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House in Talmei Elazar by Dan & Hila Israelevitz Architects

Dan & Hila Israelevitz Architects recently created this modern residence for a client in Talmei Elazar, Israel.

It was designed to provide privacy without sacrificing light and a sense of openness.

House in Talmei Elazar by Dan & Hila Israelevitz Architects:

“Creating an L shaped house, determined by the lot’s geometry, with flowing mass of blocks with horizontal lines and characteristics.

The structure is relatively closed in the direction of the street in order to provide privacy, while part of the design concept was to create a stimulus and attract people to enter the house, like peeking through a keyhole. This concept is translated into the design of a front façade, built out of two layers with an opening in the wall, while the second layer, the inner wall, is in black stone cladding, with glass windows.

All of these are slightly concealed by an olive tree, so that the effect is visible during the day as well (the wall covered by the stone and the olive tree), and in the evening by the light emerging through the windows, some of which are concealed by the tree.

The stimulus continues, thanks to the use of the dimension of time in the architectural design, by creating a clear, narrow and long entrance path with iron girders over the shading, built in rhythms up to the entrance to the structure, and the accompanying wall in black stone cladding, like the stone in the front of the structure.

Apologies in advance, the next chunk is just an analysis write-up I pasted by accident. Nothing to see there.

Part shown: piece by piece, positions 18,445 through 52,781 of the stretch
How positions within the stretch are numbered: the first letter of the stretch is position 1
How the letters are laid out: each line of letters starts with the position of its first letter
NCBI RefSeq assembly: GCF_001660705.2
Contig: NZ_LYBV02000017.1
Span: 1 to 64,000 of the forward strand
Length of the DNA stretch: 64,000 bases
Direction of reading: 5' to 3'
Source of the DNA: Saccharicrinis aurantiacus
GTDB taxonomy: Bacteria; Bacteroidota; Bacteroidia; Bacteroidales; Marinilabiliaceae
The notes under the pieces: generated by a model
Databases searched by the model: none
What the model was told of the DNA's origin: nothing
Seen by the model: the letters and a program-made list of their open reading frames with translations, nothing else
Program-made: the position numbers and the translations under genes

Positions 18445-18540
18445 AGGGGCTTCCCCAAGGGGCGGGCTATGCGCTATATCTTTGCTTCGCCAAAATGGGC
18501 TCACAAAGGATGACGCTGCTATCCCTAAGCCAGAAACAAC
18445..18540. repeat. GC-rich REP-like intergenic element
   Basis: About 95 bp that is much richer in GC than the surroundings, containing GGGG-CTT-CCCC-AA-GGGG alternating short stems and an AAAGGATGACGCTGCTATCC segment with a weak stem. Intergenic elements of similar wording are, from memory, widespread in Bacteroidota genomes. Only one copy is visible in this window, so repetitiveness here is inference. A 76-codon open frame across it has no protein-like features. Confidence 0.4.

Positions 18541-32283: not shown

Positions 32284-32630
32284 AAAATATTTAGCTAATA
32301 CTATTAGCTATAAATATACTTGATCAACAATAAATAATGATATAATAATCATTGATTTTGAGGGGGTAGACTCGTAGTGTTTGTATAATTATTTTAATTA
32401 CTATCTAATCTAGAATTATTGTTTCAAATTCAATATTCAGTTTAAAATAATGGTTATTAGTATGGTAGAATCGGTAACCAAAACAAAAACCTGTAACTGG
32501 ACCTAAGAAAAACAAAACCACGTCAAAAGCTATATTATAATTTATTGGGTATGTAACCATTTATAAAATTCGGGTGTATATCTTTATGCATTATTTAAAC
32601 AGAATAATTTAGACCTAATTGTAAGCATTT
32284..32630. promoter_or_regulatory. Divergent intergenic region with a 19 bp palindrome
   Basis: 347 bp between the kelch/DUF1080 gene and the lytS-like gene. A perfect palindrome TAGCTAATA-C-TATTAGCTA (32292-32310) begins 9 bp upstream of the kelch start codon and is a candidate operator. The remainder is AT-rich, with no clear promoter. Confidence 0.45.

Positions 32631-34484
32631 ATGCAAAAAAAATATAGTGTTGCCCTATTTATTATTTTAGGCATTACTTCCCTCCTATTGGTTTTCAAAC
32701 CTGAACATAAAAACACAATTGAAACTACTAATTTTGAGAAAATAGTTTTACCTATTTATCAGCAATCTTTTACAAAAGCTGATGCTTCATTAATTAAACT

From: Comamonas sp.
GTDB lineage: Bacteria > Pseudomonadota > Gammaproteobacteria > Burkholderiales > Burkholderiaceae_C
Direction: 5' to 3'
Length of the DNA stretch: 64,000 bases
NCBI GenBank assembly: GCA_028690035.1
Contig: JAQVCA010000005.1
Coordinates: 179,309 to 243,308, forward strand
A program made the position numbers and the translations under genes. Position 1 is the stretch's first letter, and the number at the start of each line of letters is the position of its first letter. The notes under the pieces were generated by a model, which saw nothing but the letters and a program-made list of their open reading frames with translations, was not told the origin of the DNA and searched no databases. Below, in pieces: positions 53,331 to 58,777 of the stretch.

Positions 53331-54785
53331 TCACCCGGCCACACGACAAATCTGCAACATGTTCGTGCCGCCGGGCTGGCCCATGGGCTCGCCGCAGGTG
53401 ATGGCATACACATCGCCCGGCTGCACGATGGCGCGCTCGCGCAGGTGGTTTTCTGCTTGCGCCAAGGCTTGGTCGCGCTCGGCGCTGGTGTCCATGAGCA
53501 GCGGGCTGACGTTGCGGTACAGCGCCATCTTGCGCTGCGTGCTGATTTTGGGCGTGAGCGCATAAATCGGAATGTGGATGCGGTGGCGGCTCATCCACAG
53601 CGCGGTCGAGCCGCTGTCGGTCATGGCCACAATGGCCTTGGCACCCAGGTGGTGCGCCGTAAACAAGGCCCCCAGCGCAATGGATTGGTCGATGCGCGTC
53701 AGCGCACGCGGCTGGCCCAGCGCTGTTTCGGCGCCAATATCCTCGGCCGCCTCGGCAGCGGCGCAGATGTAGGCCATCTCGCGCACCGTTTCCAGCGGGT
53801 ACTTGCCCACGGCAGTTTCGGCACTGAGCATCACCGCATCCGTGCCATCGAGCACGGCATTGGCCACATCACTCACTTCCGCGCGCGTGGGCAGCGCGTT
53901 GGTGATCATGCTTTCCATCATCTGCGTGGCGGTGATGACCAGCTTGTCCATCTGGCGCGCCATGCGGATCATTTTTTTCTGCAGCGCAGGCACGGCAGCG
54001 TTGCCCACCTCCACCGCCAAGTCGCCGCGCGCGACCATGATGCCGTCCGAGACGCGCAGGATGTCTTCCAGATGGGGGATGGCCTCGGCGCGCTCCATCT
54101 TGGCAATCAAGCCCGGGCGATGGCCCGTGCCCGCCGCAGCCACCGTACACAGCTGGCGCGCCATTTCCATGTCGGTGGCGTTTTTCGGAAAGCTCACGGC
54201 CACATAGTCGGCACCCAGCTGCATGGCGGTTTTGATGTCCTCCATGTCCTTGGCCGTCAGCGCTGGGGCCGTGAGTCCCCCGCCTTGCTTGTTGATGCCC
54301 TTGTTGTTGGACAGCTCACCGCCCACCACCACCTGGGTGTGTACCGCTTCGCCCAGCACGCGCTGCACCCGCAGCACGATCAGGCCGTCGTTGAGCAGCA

The drama of the structure is created by the sight revealed when opening the door. In contrast to the mysteriousness surrounding the structure, the inner space is open, with glass walls, to the internal garden with a pool in its center.

The interior-exterior relationship is used as a significant motif in the structure design, beginning with creating a one-level house in order to assimilate with the surrounding rustic landscape and not create a conspicuous structure.

Another design motif was planned to create assimilation with the surroundings and a modest non-extravagant front, is the decoration-free façade.

The guest bathroom, family bedroom and additional bedrooms are all connected to internal gardens by completely transparent glass walls, which bring nature into the structure.

In the house design, the entrance is through a path accompanied by a long concrete beam with the shading of iron girders which lead to the front door.

Natural shading – in contrast to the slightly mysterious front façade, the wide living room and the entire garden area connected to the house opens with an unusual interior-exterior relationship.

The pool and the front yard are delimited with concrete beams and columns which continue from the house, and there is actually no clear separation between the house and the yard and exterior. The windows and doors were planned according to the sun’s movement and exposures in order to conserve energy and create real green, non-trendy architecture.”

Photos by: Elad Sarig

About Sophie Johnson

As the senior editor for HomeDSGN, Sophie is the ultimate authority on all things home. With years of experience and a deep passion for home decor, she brings an unparalleled level of expertise to everything she does. From decorating and interior design or from cleaning to organization, her insights and guidance are invaluable to anyone looking to transform their living space.

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